The Byzantine tax-exempt policies for CME activities have also to be looked into. Tax exemption is not allowed for monies spent to attend formal medical degree or diploma courses. The explanation is that these are capital expenses-investment that do not qualify for deduction from operational expenses. What about other CME activities then? Presently, claims are allowed only if written exemption is granted after bureaucratic shuffling of documents through professional associations, the Ministry and the Inland Revenue Authority. 

Should we not have a National CME Committee funded from State coffers to co-ordinate and spearhead CME activities?
As a result, few doctors bother to apply for such exemptions. The few that do, apply only for ‘big ticket items’ such as conferences held overseas. Ironically, those doctors who have incorporated their practices as private limited companies and probably could well afford it, have less of a problem. There is an urgent need to address this anomaly. Those in authority should work out a system with the tax authorities in which blanket tax exemption could be given for CME activities organised by accredited local medical institutions.  

Is there a role that the state can play? In the United Kingdom, general practitioners are paid since 1990 CME allowances equivalent to ‘just under 5% of the GP’s intended net remuneration’ if they attend certain CME activities. If this notion of monetary reimbursement is foreign to us, could funds be channelled directly to the organisers to make CME more affordable?. We have a National Medical Research Committee funded from State coffers to co-ordinate and spearhead medical research. Should we not have a National CME Committee similarly endowed?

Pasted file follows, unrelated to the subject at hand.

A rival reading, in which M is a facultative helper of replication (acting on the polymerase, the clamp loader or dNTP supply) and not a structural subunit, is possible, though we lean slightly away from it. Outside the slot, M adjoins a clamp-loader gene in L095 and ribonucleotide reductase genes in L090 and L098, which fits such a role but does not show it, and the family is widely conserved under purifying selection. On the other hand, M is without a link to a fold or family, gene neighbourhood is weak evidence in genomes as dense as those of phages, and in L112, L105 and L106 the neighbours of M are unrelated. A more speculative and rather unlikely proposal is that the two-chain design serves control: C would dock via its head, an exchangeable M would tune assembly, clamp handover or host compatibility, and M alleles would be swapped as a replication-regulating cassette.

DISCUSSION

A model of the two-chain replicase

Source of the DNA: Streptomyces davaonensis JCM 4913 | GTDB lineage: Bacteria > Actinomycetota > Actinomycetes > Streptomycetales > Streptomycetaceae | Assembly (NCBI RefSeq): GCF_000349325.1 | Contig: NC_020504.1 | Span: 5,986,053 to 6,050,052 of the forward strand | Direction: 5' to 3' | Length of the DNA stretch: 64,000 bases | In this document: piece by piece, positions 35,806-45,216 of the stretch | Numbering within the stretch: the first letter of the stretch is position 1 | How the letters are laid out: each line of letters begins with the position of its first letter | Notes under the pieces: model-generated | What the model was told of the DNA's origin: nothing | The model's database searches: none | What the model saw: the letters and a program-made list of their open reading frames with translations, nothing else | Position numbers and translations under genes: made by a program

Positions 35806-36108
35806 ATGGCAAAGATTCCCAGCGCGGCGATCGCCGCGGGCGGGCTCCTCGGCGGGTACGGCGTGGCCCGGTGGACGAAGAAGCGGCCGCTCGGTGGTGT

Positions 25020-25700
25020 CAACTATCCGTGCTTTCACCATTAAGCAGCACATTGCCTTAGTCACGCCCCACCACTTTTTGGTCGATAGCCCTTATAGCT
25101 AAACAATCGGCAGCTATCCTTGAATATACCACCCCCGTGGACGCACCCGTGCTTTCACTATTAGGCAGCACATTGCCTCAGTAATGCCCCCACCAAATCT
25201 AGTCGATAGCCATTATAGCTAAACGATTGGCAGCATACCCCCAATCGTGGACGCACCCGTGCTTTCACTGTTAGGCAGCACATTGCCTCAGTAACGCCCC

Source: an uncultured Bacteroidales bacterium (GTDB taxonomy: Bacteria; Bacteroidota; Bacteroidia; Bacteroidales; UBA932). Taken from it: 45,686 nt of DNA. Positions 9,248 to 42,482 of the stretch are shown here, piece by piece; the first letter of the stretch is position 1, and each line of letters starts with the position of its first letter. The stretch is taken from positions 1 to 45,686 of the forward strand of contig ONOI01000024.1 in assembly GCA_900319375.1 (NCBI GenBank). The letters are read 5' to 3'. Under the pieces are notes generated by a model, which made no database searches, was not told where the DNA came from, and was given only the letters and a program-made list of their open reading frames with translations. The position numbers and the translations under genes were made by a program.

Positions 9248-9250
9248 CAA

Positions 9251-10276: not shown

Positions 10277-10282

This committee can harness the resources of the various stake-holders involved in delivering and monitoring CME. The Singapore Medical Council, the Academy of Medicine, the College of Family Physicians, the University, the various medical institutions and the SMA can be brought together for this national endeavour.  

Adequately funded, this committee can develop a system of monitoring and accrediting effective CME. It can also explore ways of delivering CME through media such as the broad band highway now developed by the Medical Faculty through its collaboration with Health-One. SMA has collaborated with the Medical Faculty to put the full-text of articles from the Singapore Medical Journal on the Internet (see N1). This collaboration could with appropriate funding be extended to exploit Internet technology to deliver interacting lectures and courses directly to our doctors’ homes. This new initiative would enhance Singapore as the medical hub for the region. Doctors in neighbouring countries can also similarly benefit from our CME activities delivered through the Internet.

The Ministry has recognised the need for special funding for research, formal medical education and vocational training. We hope that this can be extended now to CME.